The CC Club: An oral history

The iconic bar's owners, famous patrons, and hometown regulars remember the dive's best moments

Check out our behind the scenes look at the CC Club

Paul Metsa, musician and author of Blue Guitar Highway: It was kind of like this exotic mixture between rock 'n' roll, comedians, entertainers, and then just hipsters that worked in the neighborhood. A lot of writers and artists hung out there. And what I loved about it, it was very working-class, and still is. Everybody was equal in that place.

Bob Stinson said something, and I'm going to paraphrase, he said, "All the great bands in Minneapolis live between Franklin and Lake and Lyndale and Hennepin." In a way, that area was four-cornered by these bars. There was Mortimer's and Lyle's on the north end, and then there was the CC. And then up to the Uptown. And those were kind of the four corners.

Soul Asylum’s Dave Pirner was one of many musicians who turned the CC Club into his living room.
Soul Asylum’s Dave Pirner was one of many musicians who turned the CC Club into his living room.
When David Prass bought the CC in 1974, he changed the bar's name to the CC Club and made T-shirts to announce it.
When David Prass bought the CC in 1974, he changed the bar's name to the CC Club and made T-shirts to announce it.

David Carr, New York Times columnist and Night of the Gun author: Restaurant people, dope dealers, music people, neighborhood kids. I mean, the people that on another night you would see as rock gods would drink there, and drink there happily.

It was a really great place to get hammered. And you were neither judged by the staff nor the patrons for enjoying an adult beverage. You could enjoy as many of them as you wanted, and if they happened to have some effects on you — the only thing you couldn't do is be an asshole.

Almstead: Tom Arnold used to live across the street, and that's a whole other story, and comedians and cocaine. Party party party. I know they would just go over to the CC and then go back to their house. Gosh, I met Richard Lewis there, not to mention Roseanne.

Carr: Tom Arnold lived across from the CC. And there were some rather festive parties, I can recall afterward, including the first time Roseanne was in town. I think the finishing party was the CC to Tom's house, and for reasons that are lost to the mist of time, a pizza was nailed to the wall. Not sure why. You'd think usually a pizza in the presence of Tom Arnold would not be safe. This one ended up nailed to the wall.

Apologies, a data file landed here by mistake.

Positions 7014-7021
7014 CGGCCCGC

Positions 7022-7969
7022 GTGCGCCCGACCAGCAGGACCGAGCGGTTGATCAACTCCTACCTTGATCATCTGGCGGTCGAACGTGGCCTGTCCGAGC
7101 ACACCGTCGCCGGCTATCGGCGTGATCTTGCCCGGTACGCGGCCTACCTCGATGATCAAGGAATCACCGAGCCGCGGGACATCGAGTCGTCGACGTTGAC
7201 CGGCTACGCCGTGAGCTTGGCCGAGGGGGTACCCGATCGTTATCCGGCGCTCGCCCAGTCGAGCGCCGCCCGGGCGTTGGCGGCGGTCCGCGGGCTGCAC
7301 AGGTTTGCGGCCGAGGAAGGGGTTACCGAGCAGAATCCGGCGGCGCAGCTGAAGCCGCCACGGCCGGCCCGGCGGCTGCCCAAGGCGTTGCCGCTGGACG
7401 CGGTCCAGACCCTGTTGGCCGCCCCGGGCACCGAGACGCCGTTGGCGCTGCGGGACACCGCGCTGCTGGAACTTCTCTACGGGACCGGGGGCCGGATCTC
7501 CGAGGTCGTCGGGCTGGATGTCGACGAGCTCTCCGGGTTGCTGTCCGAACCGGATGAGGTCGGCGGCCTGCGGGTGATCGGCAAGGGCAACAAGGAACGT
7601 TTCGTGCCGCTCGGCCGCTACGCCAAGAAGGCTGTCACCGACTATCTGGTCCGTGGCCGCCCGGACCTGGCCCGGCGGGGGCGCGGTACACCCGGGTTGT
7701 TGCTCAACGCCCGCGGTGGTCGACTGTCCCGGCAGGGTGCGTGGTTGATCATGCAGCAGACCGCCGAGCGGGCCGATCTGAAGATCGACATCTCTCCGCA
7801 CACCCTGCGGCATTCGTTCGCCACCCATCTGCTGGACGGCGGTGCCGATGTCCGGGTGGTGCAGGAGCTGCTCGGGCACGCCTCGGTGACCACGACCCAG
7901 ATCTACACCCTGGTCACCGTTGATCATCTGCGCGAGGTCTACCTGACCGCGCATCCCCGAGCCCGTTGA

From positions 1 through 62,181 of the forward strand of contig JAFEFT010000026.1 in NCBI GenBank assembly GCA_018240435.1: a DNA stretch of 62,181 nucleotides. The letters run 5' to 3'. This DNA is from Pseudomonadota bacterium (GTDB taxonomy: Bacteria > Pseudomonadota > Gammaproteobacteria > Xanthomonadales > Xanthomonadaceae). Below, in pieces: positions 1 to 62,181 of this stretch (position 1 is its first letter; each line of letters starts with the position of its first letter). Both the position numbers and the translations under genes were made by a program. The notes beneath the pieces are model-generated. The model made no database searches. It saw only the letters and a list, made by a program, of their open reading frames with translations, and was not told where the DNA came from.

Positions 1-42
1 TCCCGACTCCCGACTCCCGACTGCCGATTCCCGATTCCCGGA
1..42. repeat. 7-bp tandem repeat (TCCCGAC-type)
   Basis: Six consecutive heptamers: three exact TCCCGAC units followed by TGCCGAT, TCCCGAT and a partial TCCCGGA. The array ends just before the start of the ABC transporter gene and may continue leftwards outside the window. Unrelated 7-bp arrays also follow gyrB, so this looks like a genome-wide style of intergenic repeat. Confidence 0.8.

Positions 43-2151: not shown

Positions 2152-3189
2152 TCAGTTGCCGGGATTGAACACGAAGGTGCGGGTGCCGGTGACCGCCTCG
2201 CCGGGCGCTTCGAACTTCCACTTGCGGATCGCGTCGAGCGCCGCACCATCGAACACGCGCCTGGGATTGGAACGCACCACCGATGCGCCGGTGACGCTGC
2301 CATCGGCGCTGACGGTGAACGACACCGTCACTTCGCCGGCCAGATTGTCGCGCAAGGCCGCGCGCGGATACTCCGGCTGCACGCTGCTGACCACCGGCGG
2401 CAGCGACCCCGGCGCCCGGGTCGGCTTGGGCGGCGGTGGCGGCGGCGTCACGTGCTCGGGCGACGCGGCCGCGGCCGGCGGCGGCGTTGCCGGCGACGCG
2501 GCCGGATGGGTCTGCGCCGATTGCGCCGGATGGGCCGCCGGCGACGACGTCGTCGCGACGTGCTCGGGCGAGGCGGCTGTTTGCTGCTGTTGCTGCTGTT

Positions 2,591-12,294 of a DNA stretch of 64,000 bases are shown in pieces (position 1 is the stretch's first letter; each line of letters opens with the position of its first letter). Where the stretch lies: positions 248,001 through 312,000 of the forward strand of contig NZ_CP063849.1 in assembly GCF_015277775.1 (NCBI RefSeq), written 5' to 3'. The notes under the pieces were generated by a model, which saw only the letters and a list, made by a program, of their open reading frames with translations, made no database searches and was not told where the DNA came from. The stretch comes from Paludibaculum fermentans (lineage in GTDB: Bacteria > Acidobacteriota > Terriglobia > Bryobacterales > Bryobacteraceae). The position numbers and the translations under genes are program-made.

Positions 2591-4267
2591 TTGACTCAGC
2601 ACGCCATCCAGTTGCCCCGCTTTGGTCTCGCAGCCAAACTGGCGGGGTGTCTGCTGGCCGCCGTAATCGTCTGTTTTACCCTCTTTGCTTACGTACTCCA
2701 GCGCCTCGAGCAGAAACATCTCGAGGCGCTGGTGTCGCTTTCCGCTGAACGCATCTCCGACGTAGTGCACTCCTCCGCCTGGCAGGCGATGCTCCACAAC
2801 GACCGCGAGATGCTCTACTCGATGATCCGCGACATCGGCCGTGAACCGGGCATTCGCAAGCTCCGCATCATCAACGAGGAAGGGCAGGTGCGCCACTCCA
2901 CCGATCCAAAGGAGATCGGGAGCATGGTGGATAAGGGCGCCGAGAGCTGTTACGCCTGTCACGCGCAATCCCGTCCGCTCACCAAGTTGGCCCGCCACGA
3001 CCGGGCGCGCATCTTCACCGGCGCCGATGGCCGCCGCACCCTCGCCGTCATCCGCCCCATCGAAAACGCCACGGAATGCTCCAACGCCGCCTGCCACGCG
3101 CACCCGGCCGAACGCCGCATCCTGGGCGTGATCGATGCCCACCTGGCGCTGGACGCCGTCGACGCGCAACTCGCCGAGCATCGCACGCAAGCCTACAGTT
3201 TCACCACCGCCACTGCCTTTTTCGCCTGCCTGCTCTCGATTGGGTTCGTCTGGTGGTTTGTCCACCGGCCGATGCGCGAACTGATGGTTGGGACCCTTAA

Tom Arnold, actor and comedian: This is a typical thing: Sam Kinison came and did shows with us, so everybody ends up at 2 or 3 at my place. And it's crazy. And then you run out of beer or whatever at a certain point, and you're just counting the minutes till the CC opens so you can at least go in there and fucking figure out what's going on, what the next move is, and at least get some alcohol going. So that's what happened, because anytime comics came to town they ended up at our place. And that was just so easy. You know, so much better than going to a liquor store. Go in there and order four drinks at once, which is what I always did. Which they kind of — they eventually wouldn't allow that to happen.

Maggie Macpherson, stage manager at First Avenue and booker at the Uptown: Tom Arnold used to get on the microphone at the end of the night and invite people over to his house after hours.

Metsa: It was kind of a triple threat, in terms of, it was a great place to start the evening, great place to end the evening, and a great place to get what we called a "day cap." Going to end the night first thing in the morning.

Carr: We had missed that part at 4 in the morning when you go to sleep, and we had broken through to a new day. And I can't remember who mentioned it, but it was off to breakfast of champions at the CC. And I don't know, it's not really polite to walk through a neighborhood in broad daylight and pop into a bar, but once you're in there, it was always an appropriate time to have a cocktail. And it was I think 8:30 in the morning, and I can remember we walked up to the bar, and we had probably not slept or washed in either a day or several. And we came walking up to the bar, and there was a mom and a little kid at the bar. He either looked at me or [my friend] and said, "That's a bad man, mommy."

Metsa: It seemed to be a fairly easy place to do drugs, if you were so inclined. But it was never really a drug bar.

Carr: The bathroom at the CC Club was a very busy place. I'll just say that and leave it at that. There was a guy, he's kind of a weirdo, Kenny, that was frequently there. You know what, I don't wanna be the guy who goes into that, because I've already said plenty about my relationship with all that shit.

Arnold: That was one place you could get drug dealers to actually come, that they felt kind of safe to come there. And you watch, if you're in there and you've been up a day or two, you watch to see who's going to the bathroom so you can go in there and horn in on him. Because we really had no money. Any money we had we spent partying. And so I had like six managers at the time. I called them my managers, but they were actually drug dealers. But I told them they were my managers.

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